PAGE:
UH Gets Homeland Security Funding to Fight Bioterror
Focus of Research on Making Biochemical Threat Detection Economically Sustainable
The University of Houston received funding from the U.S. Department of Homeland Security (DHS) to conduct research on making biochemical threat detection economically sustainable.
Awarded to the UH Department of Computer Science, the contract is part of the SenseNet program, which is funded by the U.S. Department of the Interior on behalf of the DHS Science and Technology Directorate. The goal of this award is to design and implement faster, more autonomous, less expensive bio-threat detection systems. Members of the Department of Earth and Atmospheric Sciences are also part of the project team.
“We will explore both technical and market-based innovations to lower the cost of threat-sensing solutions,” said Christoph F. Eick, principal investigator (PI) and associate professor of computer science in the College of Natural Sciences and Mathematics.
The goal of the SenseNet project is to develop multi-tiered, multi-component aerosol detection sensor systems, where biological and chemical detection sensors leverage new commercial systems. The hope is that the resultant architecture will make it possible to map contamination in real time, convey information to multiple layers of decision makers and operate in a cost-effective manner. This research is aimed at enabling an alternative, market-based approach to BioWatch, which is the federal government program created in 2001 to detect biological attacks through a network of sensors.
This project’s modeling component development will be done by Yunsoo Choi and Anirban Roy from the Department of Earth and Atmospheric Sciences. They will use an existing modeling framework, UH Air Quality Forecasting system (http://spock.geosc.uh.edu), to provide an early warning system for threat detection from an aerosol release from a chemical/biological warfare source. The spread of the contaminant in space and time could then be computed to forewarn communities in the path of the contaminant plume. The early warning system uses a 3-D numerical air quality model. It uses the magnitude of the difference between the numerically modeled and in-situ observed values to identify a significant aerosol release. Next, the location of the source is identified using a back-trajectory model, and ground in-situ concentrations measured. These concentration values are used to make emissions estimates to feed a plume dispersion model to predict the path of the toxic plume.
The detection systems the researchers plan to develop will employ state-of-the-art cloud computing, sensor networks, modelling, data analytics and alarm management technologies. The research seeks to widen the customer base for environmental sensors and threat detection services. In addition to acting as an early biochemical threat detection system, these sensors are being used to provide better security, energy usage, air quality and early warning capabilities. Consequently, the project will investigate the use of low-cost biological and chemical aerosol and particle sensors that can be used to provide benefits not only to the DHS, but also to other entities, such as universities, shopping malls and airports.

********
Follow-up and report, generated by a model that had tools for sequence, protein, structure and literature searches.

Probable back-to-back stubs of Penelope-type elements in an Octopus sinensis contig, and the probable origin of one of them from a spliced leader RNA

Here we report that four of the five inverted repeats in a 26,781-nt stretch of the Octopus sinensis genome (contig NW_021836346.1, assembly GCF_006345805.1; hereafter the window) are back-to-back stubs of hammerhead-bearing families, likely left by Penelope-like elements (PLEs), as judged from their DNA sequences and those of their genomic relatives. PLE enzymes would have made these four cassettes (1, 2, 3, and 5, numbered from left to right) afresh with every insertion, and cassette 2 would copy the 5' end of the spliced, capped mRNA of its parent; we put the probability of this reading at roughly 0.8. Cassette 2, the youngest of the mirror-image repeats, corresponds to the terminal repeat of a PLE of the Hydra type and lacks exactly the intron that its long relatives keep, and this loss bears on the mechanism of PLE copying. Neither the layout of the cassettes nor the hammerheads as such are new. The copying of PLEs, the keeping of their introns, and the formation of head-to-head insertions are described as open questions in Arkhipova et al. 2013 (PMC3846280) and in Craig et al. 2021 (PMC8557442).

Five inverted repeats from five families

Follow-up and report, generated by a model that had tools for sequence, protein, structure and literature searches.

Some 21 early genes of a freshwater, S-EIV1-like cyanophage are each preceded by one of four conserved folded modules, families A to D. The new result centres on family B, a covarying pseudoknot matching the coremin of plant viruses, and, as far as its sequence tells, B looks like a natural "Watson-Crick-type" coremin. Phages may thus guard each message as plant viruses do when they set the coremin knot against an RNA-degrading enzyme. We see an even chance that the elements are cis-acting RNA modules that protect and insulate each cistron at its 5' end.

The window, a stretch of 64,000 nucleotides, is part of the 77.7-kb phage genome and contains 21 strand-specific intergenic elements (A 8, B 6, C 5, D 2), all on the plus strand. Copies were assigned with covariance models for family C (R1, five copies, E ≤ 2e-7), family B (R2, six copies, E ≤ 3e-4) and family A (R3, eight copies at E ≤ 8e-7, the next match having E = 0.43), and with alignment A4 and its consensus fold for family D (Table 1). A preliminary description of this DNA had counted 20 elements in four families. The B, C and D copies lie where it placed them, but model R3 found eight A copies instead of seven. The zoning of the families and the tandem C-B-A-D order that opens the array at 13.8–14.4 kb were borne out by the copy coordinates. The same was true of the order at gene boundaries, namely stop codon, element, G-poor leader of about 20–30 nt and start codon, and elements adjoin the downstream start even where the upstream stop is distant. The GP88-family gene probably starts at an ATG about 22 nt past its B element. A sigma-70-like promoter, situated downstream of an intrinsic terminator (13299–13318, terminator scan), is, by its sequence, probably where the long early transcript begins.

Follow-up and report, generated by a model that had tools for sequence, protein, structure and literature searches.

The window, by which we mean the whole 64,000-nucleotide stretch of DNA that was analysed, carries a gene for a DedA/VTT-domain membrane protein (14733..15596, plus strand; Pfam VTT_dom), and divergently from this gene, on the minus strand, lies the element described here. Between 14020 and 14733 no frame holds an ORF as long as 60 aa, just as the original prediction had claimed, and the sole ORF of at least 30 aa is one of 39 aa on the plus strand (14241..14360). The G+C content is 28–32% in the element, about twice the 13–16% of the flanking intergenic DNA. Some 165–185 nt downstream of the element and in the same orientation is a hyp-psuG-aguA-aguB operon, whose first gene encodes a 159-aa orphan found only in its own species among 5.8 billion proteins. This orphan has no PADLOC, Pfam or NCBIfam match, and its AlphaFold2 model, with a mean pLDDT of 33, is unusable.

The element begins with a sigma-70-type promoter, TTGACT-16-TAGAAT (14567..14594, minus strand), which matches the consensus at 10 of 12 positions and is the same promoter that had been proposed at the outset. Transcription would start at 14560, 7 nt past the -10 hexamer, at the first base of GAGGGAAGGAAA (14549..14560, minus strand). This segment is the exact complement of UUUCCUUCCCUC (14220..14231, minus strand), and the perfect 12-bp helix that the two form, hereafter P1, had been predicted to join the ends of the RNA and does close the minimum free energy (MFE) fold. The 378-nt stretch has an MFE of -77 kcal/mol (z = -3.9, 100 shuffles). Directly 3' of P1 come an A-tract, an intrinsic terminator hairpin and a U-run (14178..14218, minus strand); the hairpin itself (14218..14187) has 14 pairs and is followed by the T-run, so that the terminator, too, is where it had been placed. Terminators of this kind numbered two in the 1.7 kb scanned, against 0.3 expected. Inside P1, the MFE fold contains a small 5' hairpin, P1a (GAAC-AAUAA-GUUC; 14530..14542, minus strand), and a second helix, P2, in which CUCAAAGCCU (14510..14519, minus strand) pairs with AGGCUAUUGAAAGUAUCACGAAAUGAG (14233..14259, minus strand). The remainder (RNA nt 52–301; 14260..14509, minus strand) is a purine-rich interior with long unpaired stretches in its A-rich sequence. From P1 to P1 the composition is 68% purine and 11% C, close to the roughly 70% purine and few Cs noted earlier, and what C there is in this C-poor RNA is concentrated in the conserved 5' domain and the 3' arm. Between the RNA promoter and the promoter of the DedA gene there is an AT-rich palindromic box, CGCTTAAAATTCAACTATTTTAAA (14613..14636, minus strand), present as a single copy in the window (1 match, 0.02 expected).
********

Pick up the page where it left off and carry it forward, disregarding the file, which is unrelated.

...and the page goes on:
The project will be conducted in three phases with a total planned budget of $1.8 million for a three-year period. The research team is currently working on Phase I for which they received the initial $480,000 to design the SenseNet computational infrastructure. Phases II and III center on the implementation and commercialization of the infrastructure.
“The research team is committed to tackling critical scientific challenges that are of great public interests to make our society safer, more secure and create an environment where the community can thrive, prosper and learn from past experience,” Eick said. “In the long run, our goal is to make communities more resilient in dealing with environmental and other threats. This is an area that has recently become a major focus of research in the Department of Computer Science.”
The project, titled “Networking and Computational Infrastructure for Collecting and Interpreting Sensor Data with Respect to Aerosolized Chemical and Biological Threats,” will be a multidisciplinary effort. In addition to Eick, who is the PI, the co-PIs are assistant professors of computer science Larry Shi and Omprakash Gnawali and assistant professor in the Department of Earth and Atmospheric Sciences Yunsoo Choi. Senior personnel are executive professor Alan Lish from the Bauer College of Business, postdoctoral fellow Anirban Roy from the Department of Earth and Atmospheric Sciences, research associate Lei Xu and project manager Yang Lu from the Department of Computer Science, and assistant director of facilities management Michael Burriello from the UH Central Plant.
Students also will have an opportunity to contribute. Offering an interdisciplinary, hands-on project, this research will give students an opportunity to deploy technologies that solve important societal problems, as well as obtain experience in dealing with government agencies. This will provide them with skills that will serve them well in finding jobs in industry and research labs.
The project is managed by the Chemical and Biological Defense Division of the DHS. This division’s mission is to strengthen the nation’s security and resiliency against chemical and biological threats through improved threat awareness and advanced surveillance, detection and protective countermeasures.
- Lisa Merkl, UH Media Relations